Mr Buchanan’s history classes at Strode College forty years seem now to have been instilled with a prescience that could not have been imagined at the time. His teaching on how the authoritarian regimes of the 1930s developed through middle class disillusionment and working class alienation seems to have anticipated the unfolding of events in Europe eight years later. The lesson more easily missed was that on kulturkampf, the 19th Century struggle to separate the state from the influence of the church, the conflicts of 150 years ago are still relevant now.
Kulturkampf was not the most exciting of subjects for an eighteen year old. The term originated with the culture struggle between the German Chancellor Otto von Bismarck and the Roman Catholic church. The church was perceived as reactionary, an agent of the old regime, and antithetical to the building of new and modern nation states. The struggle for secularisation was to be repeated elsewhere in Europe, the separation of religion from public life was not achieved without bitter conflicts.
In England, there was no kulturkampf, the religious conflicts of the Sixteenth Century and the civil wars of the mid-Seventeenth Century had shaped the emergence of a country that was notionally Christian and nominally Church of England, but without any great conviction on religious matters, other than that there should not be too much religion. Anodyne Anglicanism sufficed for the purposes, whether it was a coronation or a state funeral, or a baptism, marriage or burial in a small village, there were poetic words and dignified ceremony. “Not too much religion, vicar,” words alleged to have been said by a churchgoer to an incumbent, captured a sense of the religion-free religion preferred by most English people. The church was there when needed for rites of passage; there was no need to attend it and certainly no need to subscribe to its doctrines.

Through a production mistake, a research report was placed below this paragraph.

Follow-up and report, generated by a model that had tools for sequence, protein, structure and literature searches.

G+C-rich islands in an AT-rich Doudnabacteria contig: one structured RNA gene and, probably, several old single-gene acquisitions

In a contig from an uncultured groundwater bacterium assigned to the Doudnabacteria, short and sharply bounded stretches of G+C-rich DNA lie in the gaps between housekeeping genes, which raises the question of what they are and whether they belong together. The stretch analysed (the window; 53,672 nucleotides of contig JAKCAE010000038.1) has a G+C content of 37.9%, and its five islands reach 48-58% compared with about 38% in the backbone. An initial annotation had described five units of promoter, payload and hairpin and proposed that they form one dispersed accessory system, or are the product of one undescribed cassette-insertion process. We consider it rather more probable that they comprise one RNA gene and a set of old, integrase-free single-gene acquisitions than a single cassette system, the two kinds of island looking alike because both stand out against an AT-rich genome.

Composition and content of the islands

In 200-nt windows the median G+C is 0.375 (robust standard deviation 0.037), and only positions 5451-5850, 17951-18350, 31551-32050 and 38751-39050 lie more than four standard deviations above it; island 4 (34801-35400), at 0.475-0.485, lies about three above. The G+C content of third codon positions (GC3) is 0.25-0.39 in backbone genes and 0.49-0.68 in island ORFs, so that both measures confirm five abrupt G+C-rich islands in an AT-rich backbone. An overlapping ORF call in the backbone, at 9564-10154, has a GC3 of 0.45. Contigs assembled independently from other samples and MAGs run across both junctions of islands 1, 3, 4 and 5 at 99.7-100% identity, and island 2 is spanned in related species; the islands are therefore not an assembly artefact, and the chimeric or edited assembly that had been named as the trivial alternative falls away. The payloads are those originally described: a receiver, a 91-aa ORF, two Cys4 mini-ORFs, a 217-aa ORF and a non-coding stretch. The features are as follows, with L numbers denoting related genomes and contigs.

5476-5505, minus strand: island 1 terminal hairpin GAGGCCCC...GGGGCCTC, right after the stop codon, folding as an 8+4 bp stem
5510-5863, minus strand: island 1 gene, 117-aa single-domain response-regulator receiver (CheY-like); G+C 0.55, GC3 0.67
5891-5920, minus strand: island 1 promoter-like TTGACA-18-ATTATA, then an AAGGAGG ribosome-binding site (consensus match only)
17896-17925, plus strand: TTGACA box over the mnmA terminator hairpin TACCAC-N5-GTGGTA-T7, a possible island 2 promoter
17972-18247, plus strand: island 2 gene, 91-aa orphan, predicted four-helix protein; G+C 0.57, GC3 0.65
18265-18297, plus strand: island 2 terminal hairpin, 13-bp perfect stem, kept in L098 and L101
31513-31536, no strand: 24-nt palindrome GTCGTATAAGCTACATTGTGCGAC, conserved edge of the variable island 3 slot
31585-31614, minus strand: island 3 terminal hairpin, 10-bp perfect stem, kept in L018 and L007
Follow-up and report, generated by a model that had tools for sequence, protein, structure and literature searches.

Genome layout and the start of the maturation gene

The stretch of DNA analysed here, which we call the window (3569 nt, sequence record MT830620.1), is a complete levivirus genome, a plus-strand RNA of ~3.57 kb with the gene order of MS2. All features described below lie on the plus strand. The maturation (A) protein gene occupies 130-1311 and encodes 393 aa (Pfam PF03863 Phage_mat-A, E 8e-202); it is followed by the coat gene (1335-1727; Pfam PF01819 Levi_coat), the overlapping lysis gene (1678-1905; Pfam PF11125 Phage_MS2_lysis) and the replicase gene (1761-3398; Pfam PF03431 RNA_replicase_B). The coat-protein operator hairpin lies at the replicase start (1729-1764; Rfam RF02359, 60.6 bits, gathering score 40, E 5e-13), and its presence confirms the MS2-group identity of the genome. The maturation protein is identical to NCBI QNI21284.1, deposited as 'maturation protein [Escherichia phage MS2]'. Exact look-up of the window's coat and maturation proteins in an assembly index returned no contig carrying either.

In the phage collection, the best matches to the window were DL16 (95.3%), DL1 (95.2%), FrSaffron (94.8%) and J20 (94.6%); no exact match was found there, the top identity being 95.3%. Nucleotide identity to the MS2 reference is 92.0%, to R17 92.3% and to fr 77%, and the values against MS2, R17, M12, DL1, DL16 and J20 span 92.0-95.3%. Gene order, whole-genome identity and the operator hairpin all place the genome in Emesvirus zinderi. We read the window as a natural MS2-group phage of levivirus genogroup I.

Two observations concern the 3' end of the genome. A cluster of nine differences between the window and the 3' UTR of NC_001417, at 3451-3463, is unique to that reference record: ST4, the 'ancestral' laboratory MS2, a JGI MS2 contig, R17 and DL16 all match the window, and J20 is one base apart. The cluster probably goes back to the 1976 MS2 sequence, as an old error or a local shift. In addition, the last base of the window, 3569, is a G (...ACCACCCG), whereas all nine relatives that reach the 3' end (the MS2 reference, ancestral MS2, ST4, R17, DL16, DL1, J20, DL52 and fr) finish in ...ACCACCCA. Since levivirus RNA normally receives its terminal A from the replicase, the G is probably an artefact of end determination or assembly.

Religion-free religion was adequate until the present times when it is confronted with a vibrant Islam. Because England has never been a secular country in the way France has been, because it has always allowed the church a place in the national life, it has not felt able to declare that religion should be a private and personal matter without public manifestations. Whether perceived or real, there is a palpable sense of a threat from a religion which is very different from the gentle and antediluvian ways of the Church of England. The traditional attitudes of tolerance, of live and let live, are challenged by those who make exclusive claims and who impose patterns of behaviour and dress.
Perhaps England needs a kulturkampf, a separation of the state from all religion, an insistence that religious views are private and personal and cannot be imposed upon others – including others within one’s own family. The spirit of toleration that emerged from the intolerance of the Seventeenth Century needs an intolerance of intolerance to defend it.